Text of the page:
It’s a question we get asked allll the time: how much money will it cost to buy a house. Like, how much money BEYOND the cost of the house. You know… all those ‘hidden expenses’ that people don’t tell you about!?
Your Realtor should do their part to educate you on the secondary costs that you will incur. If you’re a first time buyer (and even if you’re not!), these expenses can add up significantly, and cause frustration and stress if you’re not properly prepared.
The big one: Lawyer’s fees. These will vary from lawyer to lawyer, but count on anywhere from approximately $1000-$1700 for your disbursements. This takes care of the paper pushing and processing that your lawyer will do on your behalf – everything from searching the title of the property to ensure there are no undischarged mortgages, liens, work-orders (anything prohibiting the legal transfer of ownership), to registering you as the new owner, corresponding with the Seller’s lawyer, securing necessary legal insurance, and preparing the necessary paperwork related to all these tasks. Other factors will also impact this cost such as whether there is a lender involved or whether your purchase is a condominium (which requires obtaining and reviewing a ‘status certificate’ – the document outlining the well-being of the condo corporation and its finances). The lawyer’s role is an important one, and ensuring that you are represented in this capacity is imperative to ensuring a smooth transition to your new property.
Land Transfer Tax: If you’re a first time Buyer, it’s your lucky day – you will be granted a rebate of $2000. Otherwise, you will be subject to pay tax which is charged based on the price of the property. You can calculate the tax HERE.
Commission: Your Realtor likely discussed commission with you at the time you signed a Buyer Representation Agreement. Often, the commission is paid directly by the Seller. However, if there is a discrepancy between the commission offered by the Seller and the amount agreed upon between you and your Realtor, further discussion could be necessary to work through these details. From a Seller’s perspective, the commission agreed upon in the listing (plus HST) will be an additional cost to work into your bottom line.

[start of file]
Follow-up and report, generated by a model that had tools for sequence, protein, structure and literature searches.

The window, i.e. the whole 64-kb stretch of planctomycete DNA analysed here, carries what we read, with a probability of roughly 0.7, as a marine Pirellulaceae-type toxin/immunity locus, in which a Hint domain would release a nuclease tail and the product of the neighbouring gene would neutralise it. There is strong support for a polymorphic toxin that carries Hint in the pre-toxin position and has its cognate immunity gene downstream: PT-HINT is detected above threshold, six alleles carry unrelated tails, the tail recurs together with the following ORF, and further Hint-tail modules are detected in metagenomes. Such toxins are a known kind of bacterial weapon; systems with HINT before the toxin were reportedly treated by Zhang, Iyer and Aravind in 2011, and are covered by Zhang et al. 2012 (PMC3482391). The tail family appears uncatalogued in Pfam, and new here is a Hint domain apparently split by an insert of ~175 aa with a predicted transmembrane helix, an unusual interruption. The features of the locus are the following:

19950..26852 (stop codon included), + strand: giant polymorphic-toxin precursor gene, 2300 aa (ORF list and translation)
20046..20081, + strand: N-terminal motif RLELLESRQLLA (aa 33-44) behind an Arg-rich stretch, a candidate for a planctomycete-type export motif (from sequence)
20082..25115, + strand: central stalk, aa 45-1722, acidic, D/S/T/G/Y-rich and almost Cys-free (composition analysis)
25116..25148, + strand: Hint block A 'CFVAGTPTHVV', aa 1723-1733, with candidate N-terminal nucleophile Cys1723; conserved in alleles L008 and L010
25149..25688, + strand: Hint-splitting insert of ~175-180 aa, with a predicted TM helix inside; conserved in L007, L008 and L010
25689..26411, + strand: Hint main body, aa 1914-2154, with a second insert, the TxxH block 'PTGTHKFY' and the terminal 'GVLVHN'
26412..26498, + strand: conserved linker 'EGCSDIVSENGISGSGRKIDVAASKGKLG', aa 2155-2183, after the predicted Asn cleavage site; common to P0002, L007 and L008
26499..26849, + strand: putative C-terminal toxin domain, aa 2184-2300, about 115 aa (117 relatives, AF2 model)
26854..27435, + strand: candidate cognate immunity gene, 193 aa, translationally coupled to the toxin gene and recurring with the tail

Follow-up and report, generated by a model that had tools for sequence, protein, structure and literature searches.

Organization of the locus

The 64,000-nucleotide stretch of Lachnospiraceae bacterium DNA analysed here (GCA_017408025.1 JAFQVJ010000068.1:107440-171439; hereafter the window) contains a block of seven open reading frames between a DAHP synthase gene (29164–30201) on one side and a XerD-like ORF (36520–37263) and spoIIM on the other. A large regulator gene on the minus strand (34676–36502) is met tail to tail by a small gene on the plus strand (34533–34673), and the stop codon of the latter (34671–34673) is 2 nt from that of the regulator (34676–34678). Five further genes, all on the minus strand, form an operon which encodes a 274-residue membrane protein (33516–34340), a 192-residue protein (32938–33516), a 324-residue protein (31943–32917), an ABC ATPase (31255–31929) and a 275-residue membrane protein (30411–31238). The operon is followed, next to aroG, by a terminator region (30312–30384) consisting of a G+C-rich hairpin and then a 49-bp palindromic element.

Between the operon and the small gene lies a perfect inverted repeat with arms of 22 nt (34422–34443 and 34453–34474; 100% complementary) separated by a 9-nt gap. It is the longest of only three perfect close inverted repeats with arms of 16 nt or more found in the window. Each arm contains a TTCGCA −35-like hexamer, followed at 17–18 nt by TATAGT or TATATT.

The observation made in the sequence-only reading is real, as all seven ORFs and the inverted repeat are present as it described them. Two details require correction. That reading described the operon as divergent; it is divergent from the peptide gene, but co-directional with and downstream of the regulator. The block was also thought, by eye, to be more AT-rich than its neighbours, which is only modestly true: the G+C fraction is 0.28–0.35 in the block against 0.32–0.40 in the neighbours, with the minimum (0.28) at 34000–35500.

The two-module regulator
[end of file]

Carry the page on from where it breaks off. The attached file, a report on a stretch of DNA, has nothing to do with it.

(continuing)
Most lenders will require proof that you have funds to cover the essential and non-negotiable expenses at the time of a financing preapproval – 1.5% of the purchase price of your home is often the amount that must be accessible cash to use for these purposes. In other words, you can’t borrow this money (without jumping through a few hoops), or expect to use credit to cover these costs. Some lenders do a fantastic job of explaining everything under the umbrella of ‘finances’ when it comes to purchasing a home – including closing costs…. However: others, although they may have to account for these costs, don’t always educate their clients about what exactly is needed – so be sure to give yourself a buffer and save accordingly so you don’t come up short.
Beyond the ‘big items’, there are some other expenses to consider. They’re smaller in the grand scheme of things, but hey – it all adds up!
- Home inspection – approximately $300-$400, paid at the time of the inspection
- Utility registration – if you have never held accounts with service providers such as Union Gas or London Hydro, a deposit is often required to stand as collateral should you default on a payment. A letter proving good credit often helps to alleviate some of these expenses.
- Moving fees – this expense ranges significantly, and depends on various factors including how many items are required to be packed/moved, the size of the crew involved, distance from location ‘A’ to ‘B’, and company involved.
Once you’ve moved in, it isn’t unlikely that there will be addition expenses, especially within the first year of ownership. Many of these can be preferential, though some might be unavoidable:
- Décor (window treatments, art, bathroom linens, area rugs)
- Lawn and seasonal tools (shovels, garden equipment, snow removal tools
- Seasonal furniture
Purchasing a new home can be exciting – it is a great venture towards building credit, financial freedom, and personal equity. But it does come with a price. And this doesn’t mean you should avoid the process, but it is extremely helpful to be aware of what to expect in order to avoid any shocking surprises when the time comes to sign on the dotted line. Please don’t hesitate to let us know if you have questions about these costs. If we can help to navigate you through the process of purchasing a property in the London area, please give us a call – it would be our privilege to help you along the way to make for a turbulent-free and rewarding endeavor!
Educating our clients is an important part of our job that we take seriously. If the thought of home ownership is new to you and you’re looking for some ‘first steps’ on how to get started, check out our website for some great information – it is full of resources to educate and inform you about the process of purchasing a home.